Delivering the right content to the right employees at the right time can make them more productive and efficient. That you might know. What you might not know is that also empowers employees to advocate for your company or brand. Content can give you a lot of bang for your buck in terms of employee retention, engagement, and influence on attracting new employees. Take note of these perspectives.
A central mission for Cerner is to empower employees: “Our brand advocates are passionate about our mission to change health care, and we greatly benefit from the collective footprint of our team members. They continually build our brand through their interactions with each other, with clients and prospects, and in the communities where they work and live,” explains Mallory Murray, Cerner’s Internal Communications Lead. To achieve this visibility, Cerner’s CTS Workforce Enablement Manager Lance Yoder explains, “Before you can expect employee advocacy to work, you must first cultivate a strong sharing culture and an environment of trust. We accomplish this foundation through uCern Connect, our social business platform built on Jive. Associates have created more than 225,000 pieces of content so far in 2016, and this platform centers around how associates actually work.”
You know what they say happens when you assume. Ass … u … me … we all look bad. It’s difficult to offer the right content without understanding your audiences, users, or customers. Our content friends offer useful viewpoints.
Heather Taylor of The Economist, for example, shares a surprising insight about customers and audiences for B2B marketing: “Myth #1: Products and services should be the basis of B2B content marketing. While content marketers continue to churn out content based on the services they are selling, business professionals are looking for more. They are looking for inspiration.” Read the other three content myths she blasts here.
Additionally, Susanna Guzman of CFA Institute notes the value of defining the user journey. “We consider the following to be four significantly positive returns on our investments:
As every aspect of content becomes more complex … from deciding what content to create to figuring out how to deliver it to planning a delightful experience with it … creativity becomes essential. And content creativity is not simply about what story to tell or what catchy phrase or compelling image to create. It’s also about solving complex problems, where technology, content, and people intersect. Our friends generously share two interesting perspectives.
Michael Haggerty-Villa notes about Disney’s approach: “Websites, apps, and in-park kiosks play an important part in supporting MagicBands and other Disney park innovations. And content strategists collaborate with creative and technical teams to help bring these tools to life.”
Additionally, Sam Rosen shares the impressive brand, problem solving, and media creativity that went into a highly successful partnership between Netflix and The Atlantic in this piece.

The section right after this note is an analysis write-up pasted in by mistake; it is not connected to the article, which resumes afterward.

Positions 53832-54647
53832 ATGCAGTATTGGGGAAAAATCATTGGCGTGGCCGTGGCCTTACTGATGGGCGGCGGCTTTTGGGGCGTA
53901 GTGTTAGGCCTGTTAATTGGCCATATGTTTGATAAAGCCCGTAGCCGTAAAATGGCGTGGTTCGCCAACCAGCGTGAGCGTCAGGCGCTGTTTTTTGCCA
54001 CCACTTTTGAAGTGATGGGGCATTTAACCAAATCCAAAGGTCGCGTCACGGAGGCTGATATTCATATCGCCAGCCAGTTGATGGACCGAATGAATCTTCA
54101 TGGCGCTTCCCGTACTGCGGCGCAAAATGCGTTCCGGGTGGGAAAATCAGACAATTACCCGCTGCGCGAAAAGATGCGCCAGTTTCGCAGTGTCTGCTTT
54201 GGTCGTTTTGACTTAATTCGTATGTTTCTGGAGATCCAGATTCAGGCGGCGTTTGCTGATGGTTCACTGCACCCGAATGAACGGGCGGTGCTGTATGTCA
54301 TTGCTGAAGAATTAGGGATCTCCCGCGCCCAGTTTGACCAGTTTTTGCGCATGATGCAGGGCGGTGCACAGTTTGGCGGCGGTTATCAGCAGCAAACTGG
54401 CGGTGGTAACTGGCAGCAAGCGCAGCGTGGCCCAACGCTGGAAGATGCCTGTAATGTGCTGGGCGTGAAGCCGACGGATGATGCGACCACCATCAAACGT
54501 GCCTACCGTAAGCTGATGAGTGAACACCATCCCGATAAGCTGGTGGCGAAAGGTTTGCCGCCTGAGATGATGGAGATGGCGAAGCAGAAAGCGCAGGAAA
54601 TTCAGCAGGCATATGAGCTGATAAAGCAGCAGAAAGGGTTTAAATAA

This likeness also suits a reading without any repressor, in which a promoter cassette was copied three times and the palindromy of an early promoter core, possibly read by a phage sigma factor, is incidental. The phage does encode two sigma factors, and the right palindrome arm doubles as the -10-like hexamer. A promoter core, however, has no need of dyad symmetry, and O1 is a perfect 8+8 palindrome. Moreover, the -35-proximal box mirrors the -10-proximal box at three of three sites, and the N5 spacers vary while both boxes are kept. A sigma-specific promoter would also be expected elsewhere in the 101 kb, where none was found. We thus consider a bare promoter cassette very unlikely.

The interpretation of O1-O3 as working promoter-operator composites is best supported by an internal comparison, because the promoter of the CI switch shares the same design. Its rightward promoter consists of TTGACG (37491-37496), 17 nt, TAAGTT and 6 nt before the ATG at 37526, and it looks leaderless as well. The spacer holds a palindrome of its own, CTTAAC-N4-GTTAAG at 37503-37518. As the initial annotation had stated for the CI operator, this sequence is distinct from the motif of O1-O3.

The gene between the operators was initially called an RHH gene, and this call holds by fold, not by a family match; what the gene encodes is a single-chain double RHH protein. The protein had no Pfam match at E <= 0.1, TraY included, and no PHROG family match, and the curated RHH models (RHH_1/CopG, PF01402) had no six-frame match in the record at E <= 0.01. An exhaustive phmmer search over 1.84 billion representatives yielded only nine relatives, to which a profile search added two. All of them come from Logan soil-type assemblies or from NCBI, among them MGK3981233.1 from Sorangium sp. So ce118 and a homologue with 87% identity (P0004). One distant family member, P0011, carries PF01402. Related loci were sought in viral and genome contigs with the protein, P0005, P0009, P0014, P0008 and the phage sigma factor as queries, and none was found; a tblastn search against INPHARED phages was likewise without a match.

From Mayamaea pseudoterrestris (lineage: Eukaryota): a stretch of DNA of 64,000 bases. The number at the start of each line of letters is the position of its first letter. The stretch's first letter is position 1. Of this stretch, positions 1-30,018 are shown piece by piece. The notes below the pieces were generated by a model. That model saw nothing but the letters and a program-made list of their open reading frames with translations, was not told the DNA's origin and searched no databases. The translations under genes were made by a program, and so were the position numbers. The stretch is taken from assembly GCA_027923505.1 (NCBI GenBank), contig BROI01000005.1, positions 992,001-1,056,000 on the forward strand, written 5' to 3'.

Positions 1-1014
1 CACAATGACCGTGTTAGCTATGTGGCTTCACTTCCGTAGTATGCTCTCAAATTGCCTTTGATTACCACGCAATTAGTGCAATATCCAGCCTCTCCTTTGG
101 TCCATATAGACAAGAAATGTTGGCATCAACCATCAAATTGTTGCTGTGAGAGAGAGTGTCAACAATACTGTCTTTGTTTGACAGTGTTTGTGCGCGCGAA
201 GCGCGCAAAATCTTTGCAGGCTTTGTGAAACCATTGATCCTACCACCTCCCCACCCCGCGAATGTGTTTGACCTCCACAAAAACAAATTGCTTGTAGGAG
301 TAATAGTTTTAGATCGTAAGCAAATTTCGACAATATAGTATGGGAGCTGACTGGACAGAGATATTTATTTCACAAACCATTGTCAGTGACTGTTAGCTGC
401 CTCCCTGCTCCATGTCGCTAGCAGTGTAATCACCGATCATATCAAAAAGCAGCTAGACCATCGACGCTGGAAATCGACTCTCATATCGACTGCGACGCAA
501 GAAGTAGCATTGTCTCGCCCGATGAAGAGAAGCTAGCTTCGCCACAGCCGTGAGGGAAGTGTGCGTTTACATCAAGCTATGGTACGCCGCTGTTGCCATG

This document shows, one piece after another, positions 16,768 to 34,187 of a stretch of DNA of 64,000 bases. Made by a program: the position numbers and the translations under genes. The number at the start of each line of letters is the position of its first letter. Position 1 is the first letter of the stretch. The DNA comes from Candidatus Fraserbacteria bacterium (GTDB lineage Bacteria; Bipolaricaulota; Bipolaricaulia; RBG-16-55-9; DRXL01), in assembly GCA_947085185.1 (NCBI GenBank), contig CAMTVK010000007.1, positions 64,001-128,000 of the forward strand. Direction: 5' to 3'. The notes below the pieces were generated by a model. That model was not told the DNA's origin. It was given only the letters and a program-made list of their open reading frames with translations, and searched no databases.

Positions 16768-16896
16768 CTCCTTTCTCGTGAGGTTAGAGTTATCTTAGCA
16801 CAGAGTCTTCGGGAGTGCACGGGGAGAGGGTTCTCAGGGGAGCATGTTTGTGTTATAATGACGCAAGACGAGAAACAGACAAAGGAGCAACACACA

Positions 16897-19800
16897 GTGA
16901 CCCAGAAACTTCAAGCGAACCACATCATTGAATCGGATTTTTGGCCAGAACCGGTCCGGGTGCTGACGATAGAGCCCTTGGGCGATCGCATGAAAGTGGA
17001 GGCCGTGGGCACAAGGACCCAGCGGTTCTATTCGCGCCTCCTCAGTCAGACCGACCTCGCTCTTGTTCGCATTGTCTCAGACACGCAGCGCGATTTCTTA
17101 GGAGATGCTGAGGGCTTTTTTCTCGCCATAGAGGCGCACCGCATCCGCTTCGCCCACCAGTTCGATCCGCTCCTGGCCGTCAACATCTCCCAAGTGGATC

To paraphrase Kenny Rogers’ famous song “The Gambler,” it pays to know when content is worth optimizing or improving. The reward is more impact and value from that content. But, there is a risk … investing in optimizing content with limited value, or what I call polishing a turd. Our friends offer some words of wisdom …
Erin Everhart of The Home Depot notes, “It’s easy to put up a display ad when there’s a hot promo attached to it, but we’re constantly trying to be more deliberate in our media placements to better tell The Home Depot story. It’s things like getting deeper than demographics, leveraging insights from our first-party data to better predict shopping patterns, and layering on accessible third-party data to fill in gaps, but I can’t do any of that until I truly understand the product all of that content will go to support.”
Jeff Greer explains the impact of plain language for Blue Cross Blue Shield: “Content strategy may not be able to solve the complexity of the product design, but simpler, plain-language vocabulary will get people more interested in their health insurance and greatly increase content usefulness for consumers.”
Joseph Dickerson of Microsoft predicted the renewed importance of microcopy for user experience in 2016. He wasn’t wrong in stating, “As the app landscape becomes increasingly competitive and apps look increasingly alike, content becomes a key differentiator. Issues such as providing clear, compelling messages will be the difference between success and failure for many new apps and initiatives. Content is a critical part of the experience that people have with technology in all its forms (mobile, desktop, TV, voice). Smart companies will pay very close attention to content issues – voice, clarity, usefulness, and much more.”
Here’s the whole set of articles and more, packed with content insights contributed by friends of Content Science.